The lead on your story about plans for California's celebration of the 200th anniversary of the U.S. Constitution was right on the mark: "The California Bicentennial Commission . . . has a problem."
The problem, though, is not the need for a zoo "for the debut of their mascot: Bison tennial Ben, a Walt Disney-designed caricature that combines the features of a buffalo and a patriot, Ben Franklin."
The problem is the commission's perception that any such aberration has any part in this celebration. The problem is that a commission set up to further understanding of the Constitution seems to have little understanding of the Constitution.
Consider what Paul has to say: "We're using the same people who sell soap to sell understanding of the Constitution. We're trying to make the Constitution user-friendly. . . ." What is a "user-friendly" Constitution? What do men in space suits have to do with a wondrous paper signed in the autumn of 1787? How does the trivialization of Benjamin Franklin foster understanding of the Constitution?
Inherent in the commission's approach to the selling of the Constitution is the conviction that the Constitution cannot stand on its own, but must be propped up with glitzy promotion and cheap contrivance.
Well, then, let us not stop with Bison tennial Ben. Let's give the old boy some company, something to do honor to the first 10 amendments to the Constitution. How about a hard-riding, gun-toting Buffalo Bill of Rights? And let's take George Washington out of those drab knee breeches and put him in something the kids will go for: blue tights with a big "SG" emblazoned across his chest. Is it the father of our country? Is it that general from Valley Forge? Is it our first President? No. It's--Super George.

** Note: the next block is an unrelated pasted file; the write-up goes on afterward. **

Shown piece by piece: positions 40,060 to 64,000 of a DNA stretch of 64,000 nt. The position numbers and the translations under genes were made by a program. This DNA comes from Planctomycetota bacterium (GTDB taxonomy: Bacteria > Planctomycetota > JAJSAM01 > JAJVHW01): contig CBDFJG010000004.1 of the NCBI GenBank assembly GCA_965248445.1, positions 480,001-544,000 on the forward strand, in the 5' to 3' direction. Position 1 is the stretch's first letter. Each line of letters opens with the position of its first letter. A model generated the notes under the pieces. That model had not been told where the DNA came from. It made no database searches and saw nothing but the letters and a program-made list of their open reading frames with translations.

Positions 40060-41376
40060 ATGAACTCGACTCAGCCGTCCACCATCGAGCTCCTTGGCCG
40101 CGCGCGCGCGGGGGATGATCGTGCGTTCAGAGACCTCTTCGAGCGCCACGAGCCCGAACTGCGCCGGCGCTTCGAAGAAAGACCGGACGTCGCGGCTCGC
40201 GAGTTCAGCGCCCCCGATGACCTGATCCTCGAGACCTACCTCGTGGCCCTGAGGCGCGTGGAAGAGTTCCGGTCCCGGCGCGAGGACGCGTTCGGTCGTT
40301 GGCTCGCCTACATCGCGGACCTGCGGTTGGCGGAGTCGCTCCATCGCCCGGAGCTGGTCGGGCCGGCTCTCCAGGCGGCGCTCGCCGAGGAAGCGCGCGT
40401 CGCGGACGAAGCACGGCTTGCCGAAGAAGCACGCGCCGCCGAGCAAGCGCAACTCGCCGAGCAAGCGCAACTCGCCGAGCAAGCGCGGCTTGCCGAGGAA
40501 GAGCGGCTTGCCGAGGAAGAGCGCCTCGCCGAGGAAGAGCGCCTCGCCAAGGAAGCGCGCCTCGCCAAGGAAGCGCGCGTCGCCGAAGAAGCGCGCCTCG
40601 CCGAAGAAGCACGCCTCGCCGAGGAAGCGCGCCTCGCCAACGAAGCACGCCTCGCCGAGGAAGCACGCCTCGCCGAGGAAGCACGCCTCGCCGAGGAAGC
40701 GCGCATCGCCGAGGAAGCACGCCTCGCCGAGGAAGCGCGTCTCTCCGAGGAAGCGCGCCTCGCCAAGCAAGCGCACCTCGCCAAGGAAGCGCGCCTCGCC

But we are not selling soap here. The Constitution is not one-quarter cleansing cream. And it was not brought into being by "39 sweaty old men." Thirty-nine men signed it, but 55 delegates came from 12 states (Rhode Island stayed home), and one of the things the California kids might be told is that most of those men who sweated in the Philadelphia heat were not old.
As Catherine Drinker Bowen points out in her splendid book, "Miracle at Philadelphia," "It was a young gathering . . . Benjamin Franklin's 81 years raised the average considerably, but it never went beyond 43 . . . James Madison of Virginia, known today as 'father of the Constitution,' was only 36."
This 200th anniversary of the signing of one of the world's most remarkable documents should not be the occasion for demeaning that document or the men whose brilliance produced it. Let's have the bands and the parades and the balloons. But forget the cutesy mascot and the irrelevant space suits.
MICHELE MILLER REGAL